Is “Mapang-Aping Asendero,” held up by Anakpawis Rep. Fernando Hicap, an offensive placard? Probably, for the many landlords in the plenary. But for millions of farmers—nine out of 10 of whom remain landless—what may be more offensive is the zero mention of land reform. Even while land reform has never been genuinely implemented, past presidents at least paid lip service to it. I guess this time, Aquino had absolutely nothing to say. Is it because the mere mention of “land reform” would raise questions about Hacienda Luisita, and the hefty amount of taxpayers’ money that went to compensating their family for it even as it remains very much in their hands?
There is one thing Aquino did pay lip service to: peace in Mindanao. He equated it to the Bangsamoro Basic Law. But after a couple of sentences that were basically warnings to those who opposed it, we were back to AVP pseudo-reality, and none of the concerns about the law—especially on the distribution of land, resources, and political power—were addressed. No wonder that so many Mindanaoans felt let down, once again left out of the national narrative. The aspirations of the Moro people reduced to an empty promise of peace and progress, without addressing the root causes of insurgency, or even, of the long blackouts they have suffered these past few years.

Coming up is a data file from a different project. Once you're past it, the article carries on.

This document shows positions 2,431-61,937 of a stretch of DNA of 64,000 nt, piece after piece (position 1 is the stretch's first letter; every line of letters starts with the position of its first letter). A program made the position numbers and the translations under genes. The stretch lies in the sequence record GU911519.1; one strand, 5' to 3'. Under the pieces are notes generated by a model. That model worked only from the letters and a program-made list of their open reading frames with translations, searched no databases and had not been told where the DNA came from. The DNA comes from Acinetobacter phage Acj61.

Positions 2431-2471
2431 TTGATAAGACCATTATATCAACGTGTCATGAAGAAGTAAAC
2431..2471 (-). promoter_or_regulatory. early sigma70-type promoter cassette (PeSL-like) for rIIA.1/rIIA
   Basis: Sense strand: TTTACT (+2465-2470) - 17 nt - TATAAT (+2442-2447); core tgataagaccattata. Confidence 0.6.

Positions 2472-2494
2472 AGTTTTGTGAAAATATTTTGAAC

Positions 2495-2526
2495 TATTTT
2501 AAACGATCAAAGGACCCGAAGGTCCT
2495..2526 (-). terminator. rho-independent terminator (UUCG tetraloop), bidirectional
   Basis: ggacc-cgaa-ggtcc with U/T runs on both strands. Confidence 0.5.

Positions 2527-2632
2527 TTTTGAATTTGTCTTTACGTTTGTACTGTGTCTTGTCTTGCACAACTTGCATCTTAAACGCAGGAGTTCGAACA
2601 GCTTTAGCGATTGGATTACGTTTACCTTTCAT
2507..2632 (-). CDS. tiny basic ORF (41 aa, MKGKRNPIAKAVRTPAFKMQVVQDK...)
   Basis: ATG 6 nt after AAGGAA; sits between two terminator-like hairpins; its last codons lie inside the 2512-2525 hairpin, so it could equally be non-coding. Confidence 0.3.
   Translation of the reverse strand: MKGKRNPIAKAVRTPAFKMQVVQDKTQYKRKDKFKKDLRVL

Come to think of it, the word “insurgency” itself was never mentioned, and was instead equated to criminality. The status of the communist insurgency and the progress of the peace talks with the National Democratic Front (NDF) had always been SONA staples. This year, though, Aquino put the prominent NDF leaders Benito and Wilma Tiamzon in the same powerpoint slide as the leader of the Martilyo Gang, and, god forbid, general Jovito Palparan. Firstly, Palparan is not in jail. He is in the company of his own men inside military premises. It’s like putting the Tiamzons under the custody of the NPA and calling it detention. Secondly, lumping together such a disparate group as simple “criminals” is either supremely idiotic, or a calculated move to deny any shred of legitimacy to the decades-old insurgency, or even to the peace process that both sides have worked hard on. If I were a rebel, I’d be mighty offended. (Though they’re probably beyond that, and would rather focus their energies on the revolutionary cause, especially as Aquino has refused to talk peace.)
If I loathed corruption—like how Jim Paredes and the Liberal Party’s other civil society minions claim they are—I’d be offended that Aquino could still mouth his campaign catchphrase “kung walang corrupt, walang mahirap” and in his next sentence give praise to cabinet secretaries neck-deep in anomaly, such as Dinky Soliman (CCT and funds for Typhoon Yolanda victims), Jun Abaya and Mar Roxas (MRT-3), and Butch Abad (pork barrel scam). And, oh yes, Drilon (Iloilo Convention Center), the loudest boo-er of all. I’d be offended that the president, in front of the whole nation, asked lawmakers to pass a budget that included pork barrel in even larger lump sums and in more insidious forms, such as the Grassroots Participatory Budget placed suspiciously under the control of the newly proclaimed LP presidentiable.